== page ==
Blog03: BFTP — Spotify full acount takeover
Hi Folks !
before we get started here is some basic stuff that will helps you understand this attack.
is the process of assigning numbers to graphical characters, especially the written characters of human language, allowing them to be stored, transmitted, and transformed using digital computers(this is a wikipedia definition).
for a better understanding lets take a look at how PHP encode characters :
$byte_array = unpack('C*', 'hello');
[ 104, 101, 108, 108, 111 ]
so for the string hello the encoding is :
Types of Encoding Techniques:
- HTML Encoding.
- URL Encoding.
- Unicode Encoding.
- Base64 Encoding.
- Hex Encoding.
- ASCII Encoding.
but we are interested in Unicode encoding which is a character encoding standard created to enable people around the world to use computers in any language. It supports all the world’s writing systems.
i’m not going to cover the Unicode, but if you want to dig deeper in the
argument, character sets and related topics, the following link is a great starting point.
If you want to play a bit with Unicode characters, you can visit Unicode utilities to get information about a character or search confusable characters.
In addition to this tool, there are other interesting resources such as codepoints.net, txtn.us and Unicode Text Converter.
The term ‘canonicalization’ refers to the practice of transforming the essential data to its simplest canonical form during communication. For instance, the name Aryan can be represented in more than one way including ArYan, Ar%79an (here, %79 refers the ASCII value of letter y in hex form), etc. A most prevailing method for evading input validation and output encoding controls is to encode the input before it is sent to the application for further processing in a manner to fulfills the hacker objective. So, overall canonicalization is the representation of something in the least ambiguous and most direct way. But hackers often utilize it an offensive way, and it becomes a bug that occurs when an application makes erroneous assessments based on a non-canonical representation of a name or when data is transformed from one form to another, it’s often possible to bypass checks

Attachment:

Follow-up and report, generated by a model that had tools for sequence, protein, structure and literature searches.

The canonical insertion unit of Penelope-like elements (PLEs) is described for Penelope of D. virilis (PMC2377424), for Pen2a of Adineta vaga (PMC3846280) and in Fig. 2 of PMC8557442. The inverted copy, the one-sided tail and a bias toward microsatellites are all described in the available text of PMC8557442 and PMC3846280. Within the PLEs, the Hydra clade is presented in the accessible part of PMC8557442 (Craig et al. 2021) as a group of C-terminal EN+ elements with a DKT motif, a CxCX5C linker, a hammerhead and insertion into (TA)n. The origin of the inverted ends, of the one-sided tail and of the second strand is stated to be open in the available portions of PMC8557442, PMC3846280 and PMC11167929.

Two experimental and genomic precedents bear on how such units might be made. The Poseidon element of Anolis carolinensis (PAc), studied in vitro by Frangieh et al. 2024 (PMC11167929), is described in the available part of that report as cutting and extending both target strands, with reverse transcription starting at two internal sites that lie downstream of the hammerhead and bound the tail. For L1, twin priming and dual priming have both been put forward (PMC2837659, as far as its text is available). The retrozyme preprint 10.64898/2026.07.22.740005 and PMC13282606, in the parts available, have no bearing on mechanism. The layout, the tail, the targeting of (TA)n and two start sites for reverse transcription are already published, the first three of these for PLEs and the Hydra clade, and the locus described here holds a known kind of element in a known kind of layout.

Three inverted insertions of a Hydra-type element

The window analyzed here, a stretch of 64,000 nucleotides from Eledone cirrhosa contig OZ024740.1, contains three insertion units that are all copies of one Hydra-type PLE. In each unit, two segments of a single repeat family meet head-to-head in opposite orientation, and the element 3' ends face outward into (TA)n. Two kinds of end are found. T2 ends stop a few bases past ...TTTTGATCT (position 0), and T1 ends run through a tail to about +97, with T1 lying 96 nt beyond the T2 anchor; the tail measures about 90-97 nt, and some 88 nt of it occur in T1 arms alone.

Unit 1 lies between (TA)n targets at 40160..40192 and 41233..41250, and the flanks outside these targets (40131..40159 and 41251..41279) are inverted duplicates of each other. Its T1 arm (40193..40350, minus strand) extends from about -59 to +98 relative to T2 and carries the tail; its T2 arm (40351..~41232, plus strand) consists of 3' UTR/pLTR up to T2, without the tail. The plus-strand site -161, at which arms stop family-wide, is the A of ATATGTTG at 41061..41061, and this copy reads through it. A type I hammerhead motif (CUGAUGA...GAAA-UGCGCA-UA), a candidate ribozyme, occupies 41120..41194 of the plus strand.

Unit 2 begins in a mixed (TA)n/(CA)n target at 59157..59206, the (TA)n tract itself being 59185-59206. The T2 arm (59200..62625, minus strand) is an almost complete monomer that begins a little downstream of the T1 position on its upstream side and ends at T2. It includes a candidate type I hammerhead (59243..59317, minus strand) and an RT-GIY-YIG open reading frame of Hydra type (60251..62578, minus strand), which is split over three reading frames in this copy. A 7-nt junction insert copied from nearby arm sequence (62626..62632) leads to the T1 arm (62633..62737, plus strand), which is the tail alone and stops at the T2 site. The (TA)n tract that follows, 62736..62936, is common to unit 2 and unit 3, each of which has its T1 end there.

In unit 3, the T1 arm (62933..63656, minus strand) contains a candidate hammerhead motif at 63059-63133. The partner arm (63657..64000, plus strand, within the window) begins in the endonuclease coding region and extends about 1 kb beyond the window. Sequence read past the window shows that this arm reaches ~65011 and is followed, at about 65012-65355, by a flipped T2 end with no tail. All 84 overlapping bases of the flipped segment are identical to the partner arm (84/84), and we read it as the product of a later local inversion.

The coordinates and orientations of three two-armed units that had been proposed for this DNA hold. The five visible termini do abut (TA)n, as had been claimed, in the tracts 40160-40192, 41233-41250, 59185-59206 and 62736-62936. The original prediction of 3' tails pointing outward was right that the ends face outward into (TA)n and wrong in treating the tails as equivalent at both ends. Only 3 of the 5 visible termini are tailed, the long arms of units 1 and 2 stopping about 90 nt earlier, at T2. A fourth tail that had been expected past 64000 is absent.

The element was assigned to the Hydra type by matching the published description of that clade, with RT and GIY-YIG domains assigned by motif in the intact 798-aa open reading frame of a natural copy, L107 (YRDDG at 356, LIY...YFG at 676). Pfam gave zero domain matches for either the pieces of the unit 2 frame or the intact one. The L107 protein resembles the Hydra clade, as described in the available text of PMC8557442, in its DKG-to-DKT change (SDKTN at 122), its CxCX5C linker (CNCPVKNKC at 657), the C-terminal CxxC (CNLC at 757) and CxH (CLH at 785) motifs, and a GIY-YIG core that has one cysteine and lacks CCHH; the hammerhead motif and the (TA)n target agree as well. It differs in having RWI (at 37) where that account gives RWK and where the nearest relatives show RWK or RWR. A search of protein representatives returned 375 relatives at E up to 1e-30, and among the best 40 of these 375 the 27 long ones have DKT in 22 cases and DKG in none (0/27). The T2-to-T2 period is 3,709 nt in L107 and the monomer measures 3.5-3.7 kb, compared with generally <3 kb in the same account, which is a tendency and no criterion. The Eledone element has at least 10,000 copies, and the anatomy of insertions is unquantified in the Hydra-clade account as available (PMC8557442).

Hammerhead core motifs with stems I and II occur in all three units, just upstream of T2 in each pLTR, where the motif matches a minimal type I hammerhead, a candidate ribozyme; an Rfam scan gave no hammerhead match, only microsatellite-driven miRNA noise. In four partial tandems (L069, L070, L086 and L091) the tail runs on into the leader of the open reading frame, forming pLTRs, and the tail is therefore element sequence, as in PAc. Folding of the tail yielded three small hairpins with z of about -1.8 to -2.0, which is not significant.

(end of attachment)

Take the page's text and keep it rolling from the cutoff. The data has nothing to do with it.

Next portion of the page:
Today i’m gonna take u back to 2013 when a user(hacker) posted on the spotify support forum that he managed to hijack user accounts. To make sure that he isn’t lying the forum manager challenged him to take over his account and BOOM the manager’s account had a new playlist added and a new password.
The honest reaction of the manager and the whole security team:
A bunch of the team dropped whatever they were working on and scurried to try to understand what was going wrong and how to fix it. From the forum post they knew that because spotify allowed using unicode in nicknames, taking over an account went something like this:
- Find a user account to hijack. For the sake of this example let us hijack the account belonging to user bigbird.
- Create a new spotify account with username ᴮᴵᴳᴮᴵᴿᴰ (in python this is the string u’\u1d2e\u1d35\u1d33\u1d2e\u1d35\u1d3f\u1d30′).
- Send a request for a password reset for your new account.
- A password reset link is sent to the email you registered for your new account. Use it to change the password.
- Now, instead of logging in to account with username ᴮᴵᴳᴮᴵᴿᴰ, try logging in to account with username bigbird with the new password.
- Success! Mission accomplished.
and from the log lines associated with the account takeover of the forum manager’s account it appeared to be a problem with how they derived a canonical username from the username the user chooses at registration.
Forbidden characters in usernames:
If you allow your users to pick their usernames too freely so technically you trust their input they will shoot you for sure. For instance, it is probably good to
- not allow white space in usernames,
- treat “BigBird” and “bigbird” as the same username.